Search This Blog

12 November 2009

More Muscle Power Means Lower Alzheimer's Risk

NEW YORK (Reuters Health) - Older people with stronger muscles are at reduced risk of developing Alzheimer's disease compared to their weaker peers, a new study shows.

Dr. Patricia A. Boyle of Rush Alzheimer's Disease Center in Chicago and her colleagues found that the greater a person's muscle strength, the lower their likelihood of being diagnosed with Alzheimer's over a four-year period. The same was true for the loss of mental function that often precedes full-blown Alzheimer's.

Studies have linked grip strength to Alzheimer's, while a person's weight and level of physical activity also influence risk of the disease. To date, however, no one has studied whether muscle strength in and of itself might play a role in dementia risk, Boyle and her team note in November's Annals of Neurology.

"These findings support the link between physical health and cognition in aging and the importance of maintaining good physical function and strength," Boyle told Reuters Health via E-mail.

The researchers measured the strength of nine muscle groups in the arms and legs of 970 dementia-free men and women 54 to 100 years old (their average age was around 80). They also tested the strength of study participants' breathing muscles.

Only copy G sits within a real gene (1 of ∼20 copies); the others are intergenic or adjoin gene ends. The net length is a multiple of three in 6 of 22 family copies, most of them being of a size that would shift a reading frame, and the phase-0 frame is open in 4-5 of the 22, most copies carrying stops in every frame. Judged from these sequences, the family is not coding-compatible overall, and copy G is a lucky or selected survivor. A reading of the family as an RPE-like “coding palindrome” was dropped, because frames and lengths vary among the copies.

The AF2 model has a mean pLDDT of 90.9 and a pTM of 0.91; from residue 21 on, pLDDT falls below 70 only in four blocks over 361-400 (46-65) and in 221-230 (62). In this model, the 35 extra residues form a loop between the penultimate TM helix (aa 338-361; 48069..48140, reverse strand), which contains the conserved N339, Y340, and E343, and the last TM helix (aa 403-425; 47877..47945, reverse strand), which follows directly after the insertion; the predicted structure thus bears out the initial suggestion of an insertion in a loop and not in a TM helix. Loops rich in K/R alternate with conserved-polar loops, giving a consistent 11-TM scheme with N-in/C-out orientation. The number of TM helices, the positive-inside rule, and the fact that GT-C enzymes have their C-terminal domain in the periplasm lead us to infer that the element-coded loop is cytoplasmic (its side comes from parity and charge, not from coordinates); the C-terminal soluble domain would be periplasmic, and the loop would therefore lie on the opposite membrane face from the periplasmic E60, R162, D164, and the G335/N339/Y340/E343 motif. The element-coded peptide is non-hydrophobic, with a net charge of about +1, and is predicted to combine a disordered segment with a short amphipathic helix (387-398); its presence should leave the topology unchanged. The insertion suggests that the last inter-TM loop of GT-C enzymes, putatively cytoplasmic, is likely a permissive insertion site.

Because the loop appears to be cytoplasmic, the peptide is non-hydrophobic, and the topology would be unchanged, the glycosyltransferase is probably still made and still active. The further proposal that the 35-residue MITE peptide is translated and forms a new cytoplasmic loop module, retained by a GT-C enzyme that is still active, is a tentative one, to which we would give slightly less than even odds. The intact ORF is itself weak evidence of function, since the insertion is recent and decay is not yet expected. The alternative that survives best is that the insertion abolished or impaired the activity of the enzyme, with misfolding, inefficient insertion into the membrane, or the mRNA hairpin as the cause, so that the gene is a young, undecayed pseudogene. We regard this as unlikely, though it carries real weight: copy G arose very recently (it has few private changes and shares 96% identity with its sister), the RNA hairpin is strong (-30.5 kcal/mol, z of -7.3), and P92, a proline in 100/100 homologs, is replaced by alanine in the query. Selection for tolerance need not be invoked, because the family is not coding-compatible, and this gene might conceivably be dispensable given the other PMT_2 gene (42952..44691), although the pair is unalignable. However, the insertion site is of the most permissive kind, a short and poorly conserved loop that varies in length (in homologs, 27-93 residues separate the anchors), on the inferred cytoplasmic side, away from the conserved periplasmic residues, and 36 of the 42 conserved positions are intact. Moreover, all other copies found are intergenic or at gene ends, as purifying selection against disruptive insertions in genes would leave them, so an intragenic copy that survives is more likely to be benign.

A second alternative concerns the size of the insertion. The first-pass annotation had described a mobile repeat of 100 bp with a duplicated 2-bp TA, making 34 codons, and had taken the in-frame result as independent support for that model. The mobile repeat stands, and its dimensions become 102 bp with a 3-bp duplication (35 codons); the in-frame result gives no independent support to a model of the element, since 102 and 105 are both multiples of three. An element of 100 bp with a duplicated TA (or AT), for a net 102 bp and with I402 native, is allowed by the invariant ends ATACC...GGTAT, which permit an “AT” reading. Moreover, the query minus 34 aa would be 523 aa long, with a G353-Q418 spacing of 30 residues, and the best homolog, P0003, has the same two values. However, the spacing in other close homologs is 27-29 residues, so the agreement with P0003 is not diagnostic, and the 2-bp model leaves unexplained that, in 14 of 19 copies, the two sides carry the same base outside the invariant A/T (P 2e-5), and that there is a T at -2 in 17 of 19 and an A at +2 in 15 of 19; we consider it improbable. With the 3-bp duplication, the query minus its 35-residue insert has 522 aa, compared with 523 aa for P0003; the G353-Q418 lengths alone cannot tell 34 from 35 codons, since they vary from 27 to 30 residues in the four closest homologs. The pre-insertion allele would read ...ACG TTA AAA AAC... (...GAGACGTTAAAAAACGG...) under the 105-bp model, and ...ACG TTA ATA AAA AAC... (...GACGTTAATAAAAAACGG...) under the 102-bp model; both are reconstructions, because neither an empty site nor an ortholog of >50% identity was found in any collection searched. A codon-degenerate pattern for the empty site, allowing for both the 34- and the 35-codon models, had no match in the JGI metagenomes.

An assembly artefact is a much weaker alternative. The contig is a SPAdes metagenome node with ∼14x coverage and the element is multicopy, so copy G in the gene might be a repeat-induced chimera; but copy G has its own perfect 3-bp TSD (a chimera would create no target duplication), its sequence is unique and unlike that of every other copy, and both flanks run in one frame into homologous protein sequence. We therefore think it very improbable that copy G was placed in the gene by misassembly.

During follow-up, which lasted about four years, 138 people developed Alzheimer's. These individuals were older and had worse mental function than the rest of the study participants. They also were weaker.

But even after the researchers adjusted for age and education level-which can influence Alzheimer's risk-they found that muscle strength had a strong influence on the risk of the disease. People who ranked in the top 10 percent for muscle strength were 61 percent less likely to develop Alzheimer's than the weakest 10 percent. Stronger people also showed a slower decline in their mental abilities over time.

The relationship between muscle strength and mild mental difficulties, which occurred in an additional 275 people, was similar, with the strongest 10 percent being at 48 percent lower risk than the weakest 10 percent.

No comments: